A century ago, Chinese feminists fighting for the emancipation of women helped spark the Republican Revolution, which overthrew the Qing empire. After China's Communist revolution of 1949, Chairman Mao famously proclaimed that "women hold up half the sky." In the early years of the People's Republic, the Communist Party sought to transform gender relations with expansive initiatives such as assigning urban women jobs in the planned economy. Yet those gains are now being eroded in China's post-socialist era. Contrary to many claims made in the mainstream media, women in China have experienced a dramatic rollback of many rights and gains relative to men.Leftover Women debunks the popular myth that women have fared well as a result of post-socialist China's economic reforms and breakneck growth. Laying out the structural discrimination against women in China will speak to broader problems with China's economy, politics, and development.—Zed Books {chop}

China Scrambles to Adjust to Baby Boomlet

Laurie Burkitt
Wall Street Journal
China's health officials are taking steps to accommodate two million more births annually after a landmark decision last year to relax population controls...

Viewpoint

04.23.14

From Half the Sky to ‘Leftovers’

Mei Fong & Leta Hong Fincher
The three-plus decades since the inception of the ‘one child’ policy have resulted in a huge female shortage in China. The country is now seriously unbalanced, with 18 million more boys than girls. By 2020, there will be some 30 million surplus men...

Reports

03.25.14

Urban China

World Bank
This report recommends that China curb rapid urban sprawl by reforming land requisition, give migrants urban residency and equal access to basic public services, and reform local finances by finding stable revenues and by allowing local governments...

Sinica Podcast

03.01.14

In Line Behind a Billion People

Kaiser Kuo, Jeremy Goldkorn & more from Sinica Podcast
This week on Sinica, Kaiser and Jeremy are joined by Damien Ma, author of In Line Behind a Billion People, a new book for China-watchers looking at how China’s lack of affordable housing, its food and air pollution, and the country’s poor education...

Beijing Population Tops 21 Million

Xinhua
This includes an estimated increase of 100,000 senior citizens every year until 2020. 

Caixin Media

12.17.13

Are Changes to China’s Family-Planning Rules Too Little, Too Late?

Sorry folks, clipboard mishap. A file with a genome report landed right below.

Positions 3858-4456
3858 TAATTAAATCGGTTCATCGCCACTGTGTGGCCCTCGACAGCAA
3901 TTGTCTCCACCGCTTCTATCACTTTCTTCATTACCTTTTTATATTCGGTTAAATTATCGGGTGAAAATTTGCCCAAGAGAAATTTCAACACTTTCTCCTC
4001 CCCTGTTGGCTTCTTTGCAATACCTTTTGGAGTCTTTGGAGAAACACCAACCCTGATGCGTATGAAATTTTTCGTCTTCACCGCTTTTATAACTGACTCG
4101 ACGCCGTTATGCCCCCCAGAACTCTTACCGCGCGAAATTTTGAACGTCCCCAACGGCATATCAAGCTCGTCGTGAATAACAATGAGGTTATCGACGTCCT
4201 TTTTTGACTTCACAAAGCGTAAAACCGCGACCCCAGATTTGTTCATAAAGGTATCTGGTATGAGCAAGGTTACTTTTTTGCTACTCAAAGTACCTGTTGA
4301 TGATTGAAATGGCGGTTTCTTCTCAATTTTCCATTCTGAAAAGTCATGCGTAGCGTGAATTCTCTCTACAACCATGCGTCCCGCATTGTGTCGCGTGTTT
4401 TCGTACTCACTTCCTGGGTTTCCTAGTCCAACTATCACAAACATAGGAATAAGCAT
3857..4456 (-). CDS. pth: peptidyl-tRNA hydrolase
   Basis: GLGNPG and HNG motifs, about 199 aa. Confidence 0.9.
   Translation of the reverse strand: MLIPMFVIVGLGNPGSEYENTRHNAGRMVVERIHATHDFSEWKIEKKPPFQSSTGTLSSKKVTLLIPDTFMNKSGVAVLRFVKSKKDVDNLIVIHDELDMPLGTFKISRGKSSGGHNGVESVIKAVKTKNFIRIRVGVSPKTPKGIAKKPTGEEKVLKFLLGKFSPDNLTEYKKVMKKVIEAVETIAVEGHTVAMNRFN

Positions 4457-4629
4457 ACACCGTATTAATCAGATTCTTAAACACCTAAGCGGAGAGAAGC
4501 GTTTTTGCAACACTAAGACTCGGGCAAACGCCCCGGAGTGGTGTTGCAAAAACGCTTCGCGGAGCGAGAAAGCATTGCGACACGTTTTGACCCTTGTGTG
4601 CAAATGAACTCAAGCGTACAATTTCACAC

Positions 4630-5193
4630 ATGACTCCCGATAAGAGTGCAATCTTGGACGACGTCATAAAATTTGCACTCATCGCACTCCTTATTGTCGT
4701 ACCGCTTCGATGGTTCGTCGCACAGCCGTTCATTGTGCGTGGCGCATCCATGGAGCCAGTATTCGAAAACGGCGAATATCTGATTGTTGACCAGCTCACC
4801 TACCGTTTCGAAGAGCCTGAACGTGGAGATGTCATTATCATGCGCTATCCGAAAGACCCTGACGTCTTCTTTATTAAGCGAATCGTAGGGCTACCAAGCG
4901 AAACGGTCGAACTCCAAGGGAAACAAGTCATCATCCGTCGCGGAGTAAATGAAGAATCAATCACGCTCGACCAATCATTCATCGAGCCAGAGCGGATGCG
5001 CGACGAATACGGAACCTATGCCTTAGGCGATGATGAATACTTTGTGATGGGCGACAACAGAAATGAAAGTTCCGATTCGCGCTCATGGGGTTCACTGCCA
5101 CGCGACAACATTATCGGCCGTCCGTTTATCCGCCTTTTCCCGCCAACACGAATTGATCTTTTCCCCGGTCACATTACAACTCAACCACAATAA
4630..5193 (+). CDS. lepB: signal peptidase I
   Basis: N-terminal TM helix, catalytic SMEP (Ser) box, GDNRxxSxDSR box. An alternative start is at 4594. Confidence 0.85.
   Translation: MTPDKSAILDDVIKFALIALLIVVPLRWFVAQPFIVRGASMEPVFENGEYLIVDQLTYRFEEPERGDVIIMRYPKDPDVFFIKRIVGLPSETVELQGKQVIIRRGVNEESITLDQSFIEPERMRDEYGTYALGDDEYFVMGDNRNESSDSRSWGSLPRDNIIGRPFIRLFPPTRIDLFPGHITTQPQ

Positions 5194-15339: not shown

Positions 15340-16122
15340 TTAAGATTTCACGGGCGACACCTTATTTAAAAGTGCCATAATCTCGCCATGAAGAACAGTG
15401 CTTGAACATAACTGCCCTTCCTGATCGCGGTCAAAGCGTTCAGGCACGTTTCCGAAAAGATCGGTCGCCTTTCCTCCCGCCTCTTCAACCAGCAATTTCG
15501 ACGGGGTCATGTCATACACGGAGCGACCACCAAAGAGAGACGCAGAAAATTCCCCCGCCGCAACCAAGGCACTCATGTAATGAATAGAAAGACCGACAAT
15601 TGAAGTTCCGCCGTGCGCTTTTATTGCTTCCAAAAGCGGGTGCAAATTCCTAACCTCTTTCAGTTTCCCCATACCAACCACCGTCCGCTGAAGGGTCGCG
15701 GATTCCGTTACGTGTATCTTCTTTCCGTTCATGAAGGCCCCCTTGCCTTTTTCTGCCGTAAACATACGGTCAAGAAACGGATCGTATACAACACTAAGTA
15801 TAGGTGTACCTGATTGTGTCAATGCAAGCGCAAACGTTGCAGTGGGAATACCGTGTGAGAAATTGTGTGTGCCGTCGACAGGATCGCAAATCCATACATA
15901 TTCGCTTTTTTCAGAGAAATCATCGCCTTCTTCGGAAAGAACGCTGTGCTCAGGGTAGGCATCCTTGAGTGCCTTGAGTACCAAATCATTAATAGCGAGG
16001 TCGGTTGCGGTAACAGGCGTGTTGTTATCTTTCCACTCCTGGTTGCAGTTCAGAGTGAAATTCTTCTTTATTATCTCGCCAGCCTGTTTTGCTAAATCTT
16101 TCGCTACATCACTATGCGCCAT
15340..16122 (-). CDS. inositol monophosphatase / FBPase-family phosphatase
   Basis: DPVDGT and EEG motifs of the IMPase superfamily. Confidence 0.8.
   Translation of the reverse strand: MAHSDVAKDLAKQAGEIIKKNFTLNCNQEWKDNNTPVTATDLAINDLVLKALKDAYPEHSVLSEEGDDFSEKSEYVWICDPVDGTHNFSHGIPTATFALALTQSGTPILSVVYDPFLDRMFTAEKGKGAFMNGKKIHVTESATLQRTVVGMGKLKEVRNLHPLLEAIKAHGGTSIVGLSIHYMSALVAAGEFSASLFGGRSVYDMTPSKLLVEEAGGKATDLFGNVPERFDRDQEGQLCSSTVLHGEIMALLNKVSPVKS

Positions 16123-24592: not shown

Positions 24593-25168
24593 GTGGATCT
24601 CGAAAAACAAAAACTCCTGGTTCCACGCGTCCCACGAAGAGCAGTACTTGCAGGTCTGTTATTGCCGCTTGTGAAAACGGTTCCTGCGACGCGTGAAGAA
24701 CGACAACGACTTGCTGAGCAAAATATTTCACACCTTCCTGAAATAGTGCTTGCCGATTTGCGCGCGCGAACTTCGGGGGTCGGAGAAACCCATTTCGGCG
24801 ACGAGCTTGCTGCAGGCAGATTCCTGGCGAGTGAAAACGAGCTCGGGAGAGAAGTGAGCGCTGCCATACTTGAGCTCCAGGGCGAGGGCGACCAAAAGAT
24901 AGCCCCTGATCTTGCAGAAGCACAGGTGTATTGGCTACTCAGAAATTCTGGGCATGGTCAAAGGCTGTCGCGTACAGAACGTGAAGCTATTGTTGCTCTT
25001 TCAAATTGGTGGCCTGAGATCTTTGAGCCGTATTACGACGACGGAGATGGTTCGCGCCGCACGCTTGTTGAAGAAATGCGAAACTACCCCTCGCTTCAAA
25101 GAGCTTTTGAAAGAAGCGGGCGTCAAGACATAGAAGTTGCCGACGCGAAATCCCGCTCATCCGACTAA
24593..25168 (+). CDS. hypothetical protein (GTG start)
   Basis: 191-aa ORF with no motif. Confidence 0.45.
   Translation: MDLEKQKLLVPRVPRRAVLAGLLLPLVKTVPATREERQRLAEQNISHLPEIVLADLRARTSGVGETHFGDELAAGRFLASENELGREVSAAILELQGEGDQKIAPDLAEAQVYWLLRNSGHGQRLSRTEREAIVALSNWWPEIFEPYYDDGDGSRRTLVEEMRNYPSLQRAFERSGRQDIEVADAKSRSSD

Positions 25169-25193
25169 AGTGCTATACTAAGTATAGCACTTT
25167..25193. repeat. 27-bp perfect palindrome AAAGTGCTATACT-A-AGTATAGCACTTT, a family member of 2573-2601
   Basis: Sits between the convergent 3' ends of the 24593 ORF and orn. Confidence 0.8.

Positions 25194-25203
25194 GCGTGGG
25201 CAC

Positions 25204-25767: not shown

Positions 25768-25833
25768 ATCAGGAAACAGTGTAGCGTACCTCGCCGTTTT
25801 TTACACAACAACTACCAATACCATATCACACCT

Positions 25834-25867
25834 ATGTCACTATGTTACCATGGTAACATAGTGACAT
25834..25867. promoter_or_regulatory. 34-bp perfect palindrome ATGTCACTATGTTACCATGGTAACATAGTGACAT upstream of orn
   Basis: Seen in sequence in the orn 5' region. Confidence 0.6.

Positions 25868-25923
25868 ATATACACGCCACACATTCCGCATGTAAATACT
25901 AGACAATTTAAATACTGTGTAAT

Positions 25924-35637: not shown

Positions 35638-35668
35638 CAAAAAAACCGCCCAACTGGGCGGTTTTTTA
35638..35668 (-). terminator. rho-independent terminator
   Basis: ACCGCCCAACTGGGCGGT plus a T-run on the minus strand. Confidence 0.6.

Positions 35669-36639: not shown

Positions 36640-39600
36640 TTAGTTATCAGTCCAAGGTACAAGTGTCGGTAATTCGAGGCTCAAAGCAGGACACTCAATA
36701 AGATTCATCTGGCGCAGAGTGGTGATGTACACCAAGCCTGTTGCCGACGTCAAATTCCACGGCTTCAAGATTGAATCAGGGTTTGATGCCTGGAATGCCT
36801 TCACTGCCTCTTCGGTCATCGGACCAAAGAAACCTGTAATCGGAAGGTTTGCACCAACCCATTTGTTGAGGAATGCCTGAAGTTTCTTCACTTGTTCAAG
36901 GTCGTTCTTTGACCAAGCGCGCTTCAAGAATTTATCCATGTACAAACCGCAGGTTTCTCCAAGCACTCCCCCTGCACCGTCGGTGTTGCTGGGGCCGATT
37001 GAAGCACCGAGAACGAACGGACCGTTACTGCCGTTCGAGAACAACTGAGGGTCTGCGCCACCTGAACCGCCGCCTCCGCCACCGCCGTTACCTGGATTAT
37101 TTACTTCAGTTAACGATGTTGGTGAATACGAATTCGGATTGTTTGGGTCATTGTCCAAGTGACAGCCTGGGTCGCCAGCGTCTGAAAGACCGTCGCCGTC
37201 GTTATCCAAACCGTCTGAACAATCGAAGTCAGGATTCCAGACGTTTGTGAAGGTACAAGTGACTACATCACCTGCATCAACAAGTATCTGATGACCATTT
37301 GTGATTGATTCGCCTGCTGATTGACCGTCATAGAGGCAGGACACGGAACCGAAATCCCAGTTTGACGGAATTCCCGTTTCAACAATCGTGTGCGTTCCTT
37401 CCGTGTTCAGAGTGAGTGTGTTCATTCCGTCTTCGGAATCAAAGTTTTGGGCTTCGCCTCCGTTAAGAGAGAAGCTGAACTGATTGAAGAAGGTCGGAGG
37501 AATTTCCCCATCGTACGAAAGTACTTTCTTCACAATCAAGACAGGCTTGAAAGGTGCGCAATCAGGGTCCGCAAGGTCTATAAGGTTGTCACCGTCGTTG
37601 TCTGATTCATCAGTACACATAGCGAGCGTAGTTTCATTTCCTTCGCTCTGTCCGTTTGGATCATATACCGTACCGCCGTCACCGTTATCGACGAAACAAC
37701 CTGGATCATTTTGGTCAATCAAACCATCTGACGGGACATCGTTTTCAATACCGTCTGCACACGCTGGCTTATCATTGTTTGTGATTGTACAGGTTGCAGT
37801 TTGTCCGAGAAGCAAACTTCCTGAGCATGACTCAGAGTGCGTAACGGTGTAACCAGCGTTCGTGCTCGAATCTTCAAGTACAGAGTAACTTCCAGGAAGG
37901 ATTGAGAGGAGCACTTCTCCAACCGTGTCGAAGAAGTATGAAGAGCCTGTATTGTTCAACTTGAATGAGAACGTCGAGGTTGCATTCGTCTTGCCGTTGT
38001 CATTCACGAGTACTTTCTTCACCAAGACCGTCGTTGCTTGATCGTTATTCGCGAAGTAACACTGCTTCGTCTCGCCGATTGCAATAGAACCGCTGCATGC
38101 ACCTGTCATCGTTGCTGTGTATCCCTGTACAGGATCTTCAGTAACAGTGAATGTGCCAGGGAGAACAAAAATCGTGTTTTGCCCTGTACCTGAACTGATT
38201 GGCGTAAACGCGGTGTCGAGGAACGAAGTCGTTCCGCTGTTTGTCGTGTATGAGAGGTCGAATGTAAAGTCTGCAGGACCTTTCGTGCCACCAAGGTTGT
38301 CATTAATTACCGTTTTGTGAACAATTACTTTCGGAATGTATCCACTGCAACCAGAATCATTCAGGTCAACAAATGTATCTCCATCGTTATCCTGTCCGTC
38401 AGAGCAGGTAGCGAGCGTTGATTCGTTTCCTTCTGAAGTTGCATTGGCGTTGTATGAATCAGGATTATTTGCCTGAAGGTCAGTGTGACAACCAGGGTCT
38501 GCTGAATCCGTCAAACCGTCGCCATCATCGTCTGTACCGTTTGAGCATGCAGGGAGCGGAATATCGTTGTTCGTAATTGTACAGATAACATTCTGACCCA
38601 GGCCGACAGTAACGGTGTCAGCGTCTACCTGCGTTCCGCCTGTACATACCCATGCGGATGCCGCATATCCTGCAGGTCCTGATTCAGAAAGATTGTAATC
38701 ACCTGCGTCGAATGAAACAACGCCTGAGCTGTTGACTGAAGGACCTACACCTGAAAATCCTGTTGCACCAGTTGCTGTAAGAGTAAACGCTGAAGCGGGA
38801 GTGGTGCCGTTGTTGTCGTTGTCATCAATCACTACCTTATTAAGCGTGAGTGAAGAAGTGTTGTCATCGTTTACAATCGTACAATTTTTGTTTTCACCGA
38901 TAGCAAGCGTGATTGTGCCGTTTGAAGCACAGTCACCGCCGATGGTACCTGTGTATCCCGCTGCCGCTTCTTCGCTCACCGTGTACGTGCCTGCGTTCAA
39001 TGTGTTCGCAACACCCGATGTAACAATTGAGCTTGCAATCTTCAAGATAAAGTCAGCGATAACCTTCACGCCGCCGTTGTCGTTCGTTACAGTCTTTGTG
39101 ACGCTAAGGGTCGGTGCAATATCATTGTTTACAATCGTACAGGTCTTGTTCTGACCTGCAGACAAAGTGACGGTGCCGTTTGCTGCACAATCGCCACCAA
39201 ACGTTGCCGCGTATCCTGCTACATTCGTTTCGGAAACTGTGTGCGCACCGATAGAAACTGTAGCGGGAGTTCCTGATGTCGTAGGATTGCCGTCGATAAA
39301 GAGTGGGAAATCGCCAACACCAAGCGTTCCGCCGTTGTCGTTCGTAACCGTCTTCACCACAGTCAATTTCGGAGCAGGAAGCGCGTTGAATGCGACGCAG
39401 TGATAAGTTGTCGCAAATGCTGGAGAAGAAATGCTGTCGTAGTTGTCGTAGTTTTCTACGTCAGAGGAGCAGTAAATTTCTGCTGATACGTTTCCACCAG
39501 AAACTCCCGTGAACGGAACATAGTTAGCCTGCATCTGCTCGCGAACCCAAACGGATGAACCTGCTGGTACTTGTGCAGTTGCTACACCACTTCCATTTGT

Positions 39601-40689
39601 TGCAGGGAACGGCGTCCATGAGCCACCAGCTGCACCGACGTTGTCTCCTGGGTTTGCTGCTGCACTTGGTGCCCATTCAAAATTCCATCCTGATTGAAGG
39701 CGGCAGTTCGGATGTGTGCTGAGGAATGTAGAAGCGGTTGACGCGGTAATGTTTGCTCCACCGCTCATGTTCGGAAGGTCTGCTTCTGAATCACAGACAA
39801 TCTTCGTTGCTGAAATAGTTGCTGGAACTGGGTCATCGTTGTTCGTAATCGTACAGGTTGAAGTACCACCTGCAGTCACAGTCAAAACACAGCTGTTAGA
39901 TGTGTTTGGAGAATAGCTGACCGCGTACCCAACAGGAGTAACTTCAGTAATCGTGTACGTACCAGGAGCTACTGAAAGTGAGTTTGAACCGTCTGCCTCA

Among the sixty areas covered in the Communist Party’s “decision” document released after the third plenum of the Eighteenth Central Committee, the most popular among ordinary people is a revision to the family planning policy to allow some couples...

Population Control Is Called Big Revenue Source in China

Edward Wong
New York Times
Nineteen province-level governments in China collected a total of $2.7 billion in fines last year from parents who had violated family planning laws, which usually limit couples to one child, a lawyer who had requested the data said. 

Viewpoint

03.19.13

For Many in China, the One Child Policy is Already Irrelevant

Leslie T. Chang
Before getting pregnant with her second child, Lu Qingmin went to the family-planning office to apply for a birth permit. Officials in her husband’s Hunan village where she was living turned her down, but she had the baby anyway. She may eventually...

Conversation

03.15.13

Is the One Child Policy Finished—And Was It a Failure?

Dorinda Elliott, Alexa Olesen & more
Dorinda Elliott:China’s recent decision to phase out the agency that oversees the one-child policy has raised questions about whether the policy itself will be dropped—and whether it was a success or a failure.Aside from the...

Reports

03.01.13

Population, Policy, and Politics

Wang Feng, Yong Cai, and Baochang Gu
Sara Segal-Williams
Population Council
One of the main puzzles of modern population and social history is why, among all countries confronting rapid population growth in the second half of the twentieth century, China chose to adopt an extreme measure of birth control known as the one-...

Reports of Forced Abortions Fuel Push to End Chinese Law

Edward Wong
New York Times
Recent reports of women being coerced into late-term abortions by local officials have thrust China’s population control policy into the spotlight and ignited an outcry among policy advisers and scholars who are seeking to...

China Needs To Ease One-Child Policy, State Researchers Say

Zheng Lifei
Bloomberg
Chinese government researchers called on the nation to ease its one-child policy as soon as possible to cope with an aging population and labor shortage. One option is allowing all people to have a second child, three researchers including Yu Dong...

Caixin Media

05.18.12

Demography and Destiny

China is facing a demographic reckoning that is approaching a nightmare.For thirty years, the government has been obsessed with keeping population growth down, often resorting to late-term abortions and other brutal measures. The panic now is that...

Quality of Life: India vs. China

Amartya Sen from New York Review of Books
The steadily rising rate of economic growth in India has recently been around 8 percent per year (it is expected to be 9 percent this year), and there is much speculation about whether and when India may catch up with and surpass China’s over 10...